And in fact, according to this great article I found on the interwebs, it can still be simple, and yet still use a microwave.

I was so excited by this discovery that I immediately posted it on Facebook, but since all my important recipes have to live on my blog, I’m reposting it here.

And for those who were concerned – the next year we got the VCR.

Ingredients

1/4 cup of ordinary popping corn

salt

Method

Place the popping corn into a sealed microwave safe container, e.g. microwave rice cooker, paper bag folded shut, etc.

Microwave on High in an 850W oven for 2:15 mins. Remove, tip into a bowl, and sprinkle with salt.

Serves 2.

Okay.. a little word of warning. There are trade-offs between the following parameters: wattage of your oven, the amount of popping corn used, size of the cooking container, amount of corn that burns, amount of corn left unpopped. The first time you do this, keep a careful eye (and vigilant nose) on what is going on so that you can hit Stop if anything starts burning. I have erred on the side of unpopped kernels rather than burnt popcorn, but perhaps I could improve this with further experimentation.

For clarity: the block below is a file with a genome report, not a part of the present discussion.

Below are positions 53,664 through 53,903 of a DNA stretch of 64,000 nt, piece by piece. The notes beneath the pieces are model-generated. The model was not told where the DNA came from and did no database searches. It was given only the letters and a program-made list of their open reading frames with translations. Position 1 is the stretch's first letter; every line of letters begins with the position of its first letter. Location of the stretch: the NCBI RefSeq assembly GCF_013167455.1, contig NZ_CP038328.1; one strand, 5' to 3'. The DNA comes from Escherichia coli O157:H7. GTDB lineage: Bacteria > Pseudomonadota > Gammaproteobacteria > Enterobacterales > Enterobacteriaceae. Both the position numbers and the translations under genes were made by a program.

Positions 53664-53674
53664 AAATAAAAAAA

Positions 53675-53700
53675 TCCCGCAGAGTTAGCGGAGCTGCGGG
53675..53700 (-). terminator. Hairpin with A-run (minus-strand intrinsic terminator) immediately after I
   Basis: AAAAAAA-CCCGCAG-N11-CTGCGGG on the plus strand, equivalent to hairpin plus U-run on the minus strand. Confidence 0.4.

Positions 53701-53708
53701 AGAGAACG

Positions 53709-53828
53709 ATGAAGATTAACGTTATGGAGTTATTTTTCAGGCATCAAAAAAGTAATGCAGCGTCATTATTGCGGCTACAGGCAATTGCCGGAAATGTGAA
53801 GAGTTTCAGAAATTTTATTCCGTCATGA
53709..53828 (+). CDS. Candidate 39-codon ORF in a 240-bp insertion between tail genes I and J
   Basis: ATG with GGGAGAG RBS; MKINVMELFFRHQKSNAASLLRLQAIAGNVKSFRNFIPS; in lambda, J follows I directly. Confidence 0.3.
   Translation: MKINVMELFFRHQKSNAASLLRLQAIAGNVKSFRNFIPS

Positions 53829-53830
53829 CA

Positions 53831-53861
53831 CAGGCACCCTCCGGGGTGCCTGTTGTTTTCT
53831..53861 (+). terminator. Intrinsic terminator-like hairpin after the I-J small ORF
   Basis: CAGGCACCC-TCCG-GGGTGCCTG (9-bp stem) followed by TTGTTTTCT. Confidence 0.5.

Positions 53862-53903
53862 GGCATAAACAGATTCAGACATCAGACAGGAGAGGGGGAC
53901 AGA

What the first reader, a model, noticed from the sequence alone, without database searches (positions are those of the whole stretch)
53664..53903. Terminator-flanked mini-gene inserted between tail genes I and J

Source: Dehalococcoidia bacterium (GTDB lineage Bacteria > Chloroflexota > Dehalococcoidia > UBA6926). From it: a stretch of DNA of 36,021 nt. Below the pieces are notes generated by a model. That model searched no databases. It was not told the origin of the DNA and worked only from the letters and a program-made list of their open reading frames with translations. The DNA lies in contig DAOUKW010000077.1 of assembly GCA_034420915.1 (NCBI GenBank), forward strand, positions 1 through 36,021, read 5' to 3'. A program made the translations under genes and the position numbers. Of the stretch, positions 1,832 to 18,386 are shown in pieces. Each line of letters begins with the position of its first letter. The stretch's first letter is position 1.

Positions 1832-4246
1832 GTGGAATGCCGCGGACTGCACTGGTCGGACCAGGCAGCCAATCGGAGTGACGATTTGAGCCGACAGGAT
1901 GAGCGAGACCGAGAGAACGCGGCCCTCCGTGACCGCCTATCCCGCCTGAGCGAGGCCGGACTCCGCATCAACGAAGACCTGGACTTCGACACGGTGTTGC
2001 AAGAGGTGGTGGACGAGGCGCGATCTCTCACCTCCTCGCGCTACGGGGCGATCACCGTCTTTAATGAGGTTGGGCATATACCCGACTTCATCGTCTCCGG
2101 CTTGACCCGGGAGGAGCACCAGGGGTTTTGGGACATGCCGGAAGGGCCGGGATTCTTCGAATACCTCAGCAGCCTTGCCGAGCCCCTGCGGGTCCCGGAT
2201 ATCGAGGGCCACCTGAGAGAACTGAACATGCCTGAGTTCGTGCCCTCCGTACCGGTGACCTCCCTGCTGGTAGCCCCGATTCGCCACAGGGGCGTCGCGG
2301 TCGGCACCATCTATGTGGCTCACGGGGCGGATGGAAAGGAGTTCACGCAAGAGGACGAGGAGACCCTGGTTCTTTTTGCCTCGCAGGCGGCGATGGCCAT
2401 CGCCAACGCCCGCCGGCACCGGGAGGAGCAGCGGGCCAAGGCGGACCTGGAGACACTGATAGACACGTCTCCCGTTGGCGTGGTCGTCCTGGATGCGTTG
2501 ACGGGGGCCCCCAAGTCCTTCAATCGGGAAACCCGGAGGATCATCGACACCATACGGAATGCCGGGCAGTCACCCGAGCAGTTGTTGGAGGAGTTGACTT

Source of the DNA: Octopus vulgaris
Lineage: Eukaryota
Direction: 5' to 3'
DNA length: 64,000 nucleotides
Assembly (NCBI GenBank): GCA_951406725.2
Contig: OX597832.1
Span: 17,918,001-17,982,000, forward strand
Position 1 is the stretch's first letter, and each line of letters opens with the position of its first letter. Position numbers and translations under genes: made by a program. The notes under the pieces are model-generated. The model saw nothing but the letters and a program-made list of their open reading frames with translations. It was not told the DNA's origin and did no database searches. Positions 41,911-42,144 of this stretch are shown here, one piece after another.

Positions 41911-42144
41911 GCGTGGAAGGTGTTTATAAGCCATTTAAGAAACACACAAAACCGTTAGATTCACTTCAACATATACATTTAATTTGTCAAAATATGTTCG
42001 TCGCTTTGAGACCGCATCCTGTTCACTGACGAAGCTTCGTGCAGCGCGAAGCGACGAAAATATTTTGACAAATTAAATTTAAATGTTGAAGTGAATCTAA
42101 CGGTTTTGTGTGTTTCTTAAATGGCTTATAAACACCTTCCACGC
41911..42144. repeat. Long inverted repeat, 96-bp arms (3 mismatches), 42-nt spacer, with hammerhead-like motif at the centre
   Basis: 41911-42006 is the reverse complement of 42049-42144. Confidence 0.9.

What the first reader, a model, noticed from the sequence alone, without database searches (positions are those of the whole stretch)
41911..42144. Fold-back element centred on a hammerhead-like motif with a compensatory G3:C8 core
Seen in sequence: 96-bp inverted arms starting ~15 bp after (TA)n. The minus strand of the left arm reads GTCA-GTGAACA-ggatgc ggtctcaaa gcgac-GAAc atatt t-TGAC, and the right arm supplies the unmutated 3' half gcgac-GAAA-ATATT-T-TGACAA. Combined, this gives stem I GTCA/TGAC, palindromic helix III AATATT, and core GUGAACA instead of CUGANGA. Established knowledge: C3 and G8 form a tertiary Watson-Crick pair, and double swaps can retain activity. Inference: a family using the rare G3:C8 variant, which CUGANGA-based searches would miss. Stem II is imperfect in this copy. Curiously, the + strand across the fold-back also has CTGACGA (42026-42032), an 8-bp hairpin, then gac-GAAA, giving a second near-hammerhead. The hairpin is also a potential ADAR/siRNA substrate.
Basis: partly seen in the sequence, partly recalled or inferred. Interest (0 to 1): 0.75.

Sugar-plum Tower Recipe

For our recipe club this month, the theme is “story”, which means that all recipes needed to have some sort of associated story. After struggling to come up with something, my friend Josie suggested the story of the Sugar-plum Fairy (who rules the Kingdom of Sweets in Tchaikovsky’s The Nutcracker), which sounded great because I’d never come across a sugar-plum before.

It turns out that the “plum” in sugar-plum is the same as the “plum” in plum pudding, i.e. not a plum at all. While there appear to be alternative views on the Internet regarding what the historical sugar-plum consisted of, the common themes appear to be the use of dried fruit, the shape of a ball, and being covered in sugar.

So, despite basing my recipe here on a sugar-plums recipe that is referenced from Wikipedia (can you get more credible than that?) by Alton Brown. I have diverted somewhat from tradition by coating two thirds of the balls in chocolate rather than sugar. Not only does it taste great, but gives a nice layered effect.

Ingredients